Have you seen the tiny home craze and been a bit curious? Often converted sheds or luxury caravans there's no doubt smaller homes play a part in filling the housing shortage. We compare a tiny home to a Granny Flat and give you some information to help you assess what might work for your property or situation.
Granny flats are a fully self-contained, comfortable home with 1- 3 bedrooms, and are an affordable residential option for many looking for accommodation in today’s property market. The construction of a Granny Flat is well legislated in planning regulations.
A tiny house is a smaller dwelling, often on wheels so that it can be classed as a caravan. A tiny house does not have a planning definition, and is not actually legislated and there is some scrutiny on that. There is quite a lot of hype about Tiny Homes but buyers and renters need to be careful that dwellings are safe and legal to occupy.
About Tiny Homes
No council approval sought as not deemed a house in planning legislation
Often transportable, on wheels classed as a caravan
Locate almost anywhere but regulated in how often it can be lived in
20-32 sqm living space
No building regulation
Sometimes off grid capability
Limited living areas and storage
Granny Flats Compared to Tiny Homes
Not transportable, fixed on a solid foundation
Council approval via CDC or DA
Located in the backyard of existing dwelling
40-60 sqm living space in NSW - up to 90m2 in ACT
Conventional building ethos, including for safety
Typically on grid with a secure and permanent water and energy supply
Multiple living areas and ample storage depending on personalised design
Advantages of Granny Flats vs Tiny Homes
Lenders will provide finance for Granny Flats, but probably won't lend for moveable structures like tiny houses since they are not fixed assets.
Modern granny flats offer higher levels of comfort including insulation, cooling, heating, and spacious indoor and outdoor living spaces.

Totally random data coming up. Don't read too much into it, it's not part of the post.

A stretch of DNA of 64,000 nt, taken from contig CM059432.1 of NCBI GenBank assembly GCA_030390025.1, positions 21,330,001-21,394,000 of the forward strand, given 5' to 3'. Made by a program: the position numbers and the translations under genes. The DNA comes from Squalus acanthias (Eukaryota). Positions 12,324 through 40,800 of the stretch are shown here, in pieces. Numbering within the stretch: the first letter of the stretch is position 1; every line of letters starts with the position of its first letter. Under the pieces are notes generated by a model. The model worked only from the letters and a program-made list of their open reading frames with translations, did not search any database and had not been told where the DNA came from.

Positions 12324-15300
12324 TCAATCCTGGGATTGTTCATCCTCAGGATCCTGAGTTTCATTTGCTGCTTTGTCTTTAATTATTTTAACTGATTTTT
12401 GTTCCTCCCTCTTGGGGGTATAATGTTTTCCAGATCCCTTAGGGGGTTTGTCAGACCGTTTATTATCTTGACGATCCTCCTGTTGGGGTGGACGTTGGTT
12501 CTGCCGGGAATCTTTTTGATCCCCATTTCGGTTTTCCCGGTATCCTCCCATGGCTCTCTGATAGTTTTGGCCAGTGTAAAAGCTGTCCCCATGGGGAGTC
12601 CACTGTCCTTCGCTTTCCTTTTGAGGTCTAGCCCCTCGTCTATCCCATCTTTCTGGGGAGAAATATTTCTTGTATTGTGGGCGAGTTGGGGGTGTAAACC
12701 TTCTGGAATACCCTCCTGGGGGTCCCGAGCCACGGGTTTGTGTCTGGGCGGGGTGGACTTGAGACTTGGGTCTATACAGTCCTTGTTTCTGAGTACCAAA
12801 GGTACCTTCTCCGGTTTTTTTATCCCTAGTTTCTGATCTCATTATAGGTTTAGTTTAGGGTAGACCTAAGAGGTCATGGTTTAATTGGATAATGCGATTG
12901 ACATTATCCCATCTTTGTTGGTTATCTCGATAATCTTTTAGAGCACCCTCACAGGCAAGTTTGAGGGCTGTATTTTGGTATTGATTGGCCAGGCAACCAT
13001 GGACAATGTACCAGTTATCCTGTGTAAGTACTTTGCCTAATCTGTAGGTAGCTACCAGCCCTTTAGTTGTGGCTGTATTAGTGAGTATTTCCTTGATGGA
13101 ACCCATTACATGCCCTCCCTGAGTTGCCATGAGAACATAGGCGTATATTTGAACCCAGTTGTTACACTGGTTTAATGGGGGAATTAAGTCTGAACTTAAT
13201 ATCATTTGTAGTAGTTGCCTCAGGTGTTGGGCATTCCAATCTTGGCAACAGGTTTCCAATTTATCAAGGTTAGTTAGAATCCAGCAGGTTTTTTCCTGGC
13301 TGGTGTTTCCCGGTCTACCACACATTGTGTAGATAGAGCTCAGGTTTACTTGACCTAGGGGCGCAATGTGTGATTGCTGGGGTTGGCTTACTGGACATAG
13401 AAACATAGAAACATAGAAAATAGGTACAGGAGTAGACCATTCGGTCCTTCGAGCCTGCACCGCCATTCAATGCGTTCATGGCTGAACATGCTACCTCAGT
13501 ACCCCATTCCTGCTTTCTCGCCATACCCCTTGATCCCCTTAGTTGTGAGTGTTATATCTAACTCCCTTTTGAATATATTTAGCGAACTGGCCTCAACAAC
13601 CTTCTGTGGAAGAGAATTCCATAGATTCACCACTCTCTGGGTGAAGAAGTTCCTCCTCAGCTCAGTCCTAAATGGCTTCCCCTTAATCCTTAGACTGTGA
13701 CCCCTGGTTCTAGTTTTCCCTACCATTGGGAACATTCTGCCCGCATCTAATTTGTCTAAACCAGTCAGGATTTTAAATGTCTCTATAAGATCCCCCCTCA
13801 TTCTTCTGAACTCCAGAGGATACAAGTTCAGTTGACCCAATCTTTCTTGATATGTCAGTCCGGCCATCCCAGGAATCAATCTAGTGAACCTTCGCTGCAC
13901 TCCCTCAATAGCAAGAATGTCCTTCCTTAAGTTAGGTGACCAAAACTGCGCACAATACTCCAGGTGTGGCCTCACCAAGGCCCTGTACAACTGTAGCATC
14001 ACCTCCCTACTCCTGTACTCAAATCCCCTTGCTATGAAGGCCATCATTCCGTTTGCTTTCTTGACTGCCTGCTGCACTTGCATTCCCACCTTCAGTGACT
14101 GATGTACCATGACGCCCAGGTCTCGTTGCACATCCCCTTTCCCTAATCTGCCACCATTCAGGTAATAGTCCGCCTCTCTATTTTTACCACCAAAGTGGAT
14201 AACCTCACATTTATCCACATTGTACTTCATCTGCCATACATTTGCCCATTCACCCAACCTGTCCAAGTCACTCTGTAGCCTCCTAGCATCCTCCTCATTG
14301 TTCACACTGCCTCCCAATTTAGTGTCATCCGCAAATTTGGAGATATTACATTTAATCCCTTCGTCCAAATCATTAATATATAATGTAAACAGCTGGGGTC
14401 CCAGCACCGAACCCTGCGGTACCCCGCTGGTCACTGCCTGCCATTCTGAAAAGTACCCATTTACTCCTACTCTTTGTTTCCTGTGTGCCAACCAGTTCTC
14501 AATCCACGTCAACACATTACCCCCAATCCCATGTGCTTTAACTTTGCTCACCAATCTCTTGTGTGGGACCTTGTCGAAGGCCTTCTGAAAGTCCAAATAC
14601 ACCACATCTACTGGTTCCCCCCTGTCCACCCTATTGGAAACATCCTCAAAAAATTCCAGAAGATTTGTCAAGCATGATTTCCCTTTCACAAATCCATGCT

You can choose from a variety of design options instead of being restricted to one standard design - you can even personalise the interior design.
Granny Flats can often be designed to match the existing home.
A well thought out design will often affect the value of your property in a positive way.
Disadvantages of Tiny Homes vs Granny Flats
There are really few disadvantages to Granny Flats
Tiny houses may offer some advantages like portability, lowered heating cooling bills (because there is less space), but they have their fair share of disadvantages.
In terms of size, they're not much bigger than a caravan, with a living area downstairs and the bedroom in a loft upstairs - nearly impossible to have friends or family over because there is simply no room.
Moving is great - but parking can be a problem with the size and manoeuvrability of the vehicle with a house attached to be be considered.
Liveability can be impractical including having to manage composting toilets, having limited water storage and missing basics like laundry facilities.
Living in a tiny house is complicated with many councils not allowing the structure as a permanent dwelling.
What Should You Choose? Granny Flats or Tiny Home?
In deciding whether to build a granny flat or a tiny house, you need to ask yourself these questions:
Would you prefer independent accommodation with its own kitchen, bathroom, and laundry, or just an outdoor room?
Are you looking to accommodate a certain number of people?
How much are you willing to spend?
How soon do you need it?
Do you need to live there permanently and what are your local council rules around caravans and tiny houses?
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